The “Strapped-for-cash” City Council is checking its coffers and is already worried that it
will not be able to bear the financial cost of having to remove the covers which are expected to cover city canals to permit increased parking space.
The Council, in a public missive, expressed concern that they were not consulted in the talks to cover the city canals even though they have the responsibility of maintaining Georgetown. The Council said it is worried about the financial, health and other implications that may come with the covering of the waterways.
“The Mayor and City Council (M&CC) was not consulted on this proposal… This is worrying because the Mayor and Councillors are the people’s representatives. They should be properly informed and involved in any major project, such as the one announced, to add or take away value from the economy and general welfare of the city.”
Covering canals, they said, to provide additional space to facilitate parking is both adding and taking from the city value. However, the Council merely heard the announcement in the local media but has no other information about timeframes, objectives, engineering and technical logistics, and related risks and benefits to the citizens of Georgetown, it was stated.
If the justification to cover main canals in the city is to facilitate parking of vehicles because they are being imported at a fast rate in the country, then it has to be said that it is a very simplistic way of looking at an emerging issue that requires more in-depth study and general consultations with all stakeholders.
“Covering canals could not be the solution to the problem of parking; it will trigger other issues.”
It was mentioned further that covering the canals has serious financial implications for the Georgetown Municipality. “Council will have to remove and replace these covers every time it wants to clean the canals. Therefore, the cash- strapped council will be required to find more money to clean and keep these waterways flowing.”
The Council said that if one thinks of the agency’s shallow coffers which hardly provides basic services to the citizens, it can be easily seen the extra burden the agency will be saddled with if the initiative is to go through.
The Council said that the covering of the canals has serious implications for solid waste management.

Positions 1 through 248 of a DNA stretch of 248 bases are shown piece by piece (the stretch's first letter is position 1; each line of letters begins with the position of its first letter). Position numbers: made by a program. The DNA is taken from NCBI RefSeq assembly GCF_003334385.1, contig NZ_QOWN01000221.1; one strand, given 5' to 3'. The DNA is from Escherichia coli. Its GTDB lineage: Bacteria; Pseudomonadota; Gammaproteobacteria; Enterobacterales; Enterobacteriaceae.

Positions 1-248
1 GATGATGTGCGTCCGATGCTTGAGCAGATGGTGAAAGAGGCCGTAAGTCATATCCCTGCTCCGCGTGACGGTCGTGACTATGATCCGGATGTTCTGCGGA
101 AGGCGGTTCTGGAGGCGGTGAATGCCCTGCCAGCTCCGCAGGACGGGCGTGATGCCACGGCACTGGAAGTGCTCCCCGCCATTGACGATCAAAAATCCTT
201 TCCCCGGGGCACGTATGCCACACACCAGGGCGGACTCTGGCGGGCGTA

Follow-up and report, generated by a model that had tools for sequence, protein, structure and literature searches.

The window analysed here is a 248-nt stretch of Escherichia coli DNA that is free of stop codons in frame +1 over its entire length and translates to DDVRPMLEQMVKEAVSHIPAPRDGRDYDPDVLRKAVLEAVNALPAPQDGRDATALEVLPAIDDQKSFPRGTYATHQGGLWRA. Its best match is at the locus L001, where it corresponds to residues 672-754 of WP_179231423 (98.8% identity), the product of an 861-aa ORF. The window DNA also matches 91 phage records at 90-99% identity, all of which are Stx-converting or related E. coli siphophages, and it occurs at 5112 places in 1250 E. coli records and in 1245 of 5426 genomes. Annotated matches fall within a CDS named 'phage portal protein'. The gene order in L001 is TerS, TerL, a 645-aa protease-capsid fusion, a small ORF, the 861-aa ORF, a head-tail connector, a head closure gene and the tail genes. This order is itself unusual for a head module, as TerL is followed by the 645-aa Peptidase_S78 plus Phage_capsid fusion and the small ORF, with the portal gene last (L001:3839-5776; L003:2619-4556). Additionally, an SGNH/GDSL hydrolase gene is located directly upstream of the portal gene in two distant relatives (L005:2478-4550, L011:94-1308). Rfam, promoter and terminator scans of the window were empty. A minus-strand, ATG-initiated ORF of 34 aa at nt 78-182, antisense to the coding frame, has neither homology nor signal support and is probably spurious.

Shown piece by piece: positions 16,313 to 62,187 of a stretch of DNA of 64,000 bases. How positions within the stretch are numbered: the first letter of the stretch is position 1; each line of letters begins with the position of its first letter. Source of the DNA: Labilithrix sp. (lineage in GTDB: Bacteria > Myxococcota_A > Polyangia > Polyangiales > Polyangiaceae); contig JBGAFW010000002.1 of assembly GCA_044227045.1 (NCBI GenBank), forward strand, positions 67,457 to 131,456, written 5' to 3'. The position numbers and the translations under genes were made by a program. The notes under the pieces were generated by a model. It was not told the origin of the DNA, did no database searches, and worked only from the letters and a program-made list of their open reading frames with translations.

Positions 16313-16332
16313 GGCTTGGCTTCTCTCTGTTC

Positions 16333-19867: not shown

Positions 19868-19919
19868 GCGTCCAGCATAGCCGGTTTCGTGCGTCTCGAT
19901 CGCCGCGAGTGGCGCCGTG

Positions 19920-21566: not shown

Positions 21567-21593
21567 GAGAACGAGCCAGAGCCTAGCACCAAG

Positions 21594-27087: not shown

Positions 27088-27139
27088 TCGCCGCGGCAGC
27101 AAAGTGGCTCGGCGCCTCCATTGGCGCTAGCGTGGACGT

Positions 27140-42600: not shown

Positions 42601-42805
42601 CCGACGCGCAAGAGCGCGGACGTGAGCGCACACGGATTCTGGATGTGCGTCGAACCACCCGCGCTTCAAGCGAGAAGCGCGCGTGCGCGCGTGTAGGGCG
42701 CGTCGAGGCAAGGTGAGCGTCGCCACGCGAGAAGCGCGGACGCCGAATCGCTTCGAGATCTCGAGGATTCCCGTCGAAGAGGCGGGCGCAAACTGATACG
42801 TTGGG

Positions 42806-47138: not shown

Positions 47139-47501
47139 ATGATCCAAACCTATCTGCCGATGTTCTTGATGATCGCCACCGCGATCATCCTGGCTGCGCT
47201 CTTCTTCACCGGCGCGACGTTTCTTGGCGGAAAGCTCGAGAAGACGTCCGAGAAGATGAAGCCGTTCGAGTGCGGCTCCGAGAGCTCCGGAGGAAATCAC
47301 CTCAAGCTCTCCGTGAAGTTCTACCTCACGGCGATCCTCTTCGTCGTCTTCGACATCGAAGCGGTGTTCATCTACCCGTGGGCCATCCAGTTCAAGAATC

“Some time ago, council experimented with this very approach to parking on South Street. What city officials discovered, at that time, was that individuals were removing the covers to dump waste in the canals. This affected the free flow of water through these channels. Eventually, the council had to remove these covers; that approach did not work.”
They expressed more concern about the actual parking of vehicles over its canals, the utilization of space, in the city, and revenue. “If parking over these canals is free then who will stand the expenses associated with it. If it is paid parking then who will be responsible for collecting that revenue?”
“Such an initiative must be accompanied by a public education programme. This will allow citizens to adjust to this new arrangement, in the city. After all, these facilities are collectively owned by the people and they and their representatives should be allowed to participate in this initiative, from the planning stage to its implementation.”
Cabinet Secretary Roger Luncheon explained last week that the government had taken a decision to try out the initiative forwarded by current Housing Minister Irfaan Ali to cover the city canals for parking. Several stakeholders have already expressed concern of the plans while other persons believe it will ease the parking issues facing the city. The government will first engage in trials at the Avenue-of-the-Republic canal and the Croal Street and South Road waterway.
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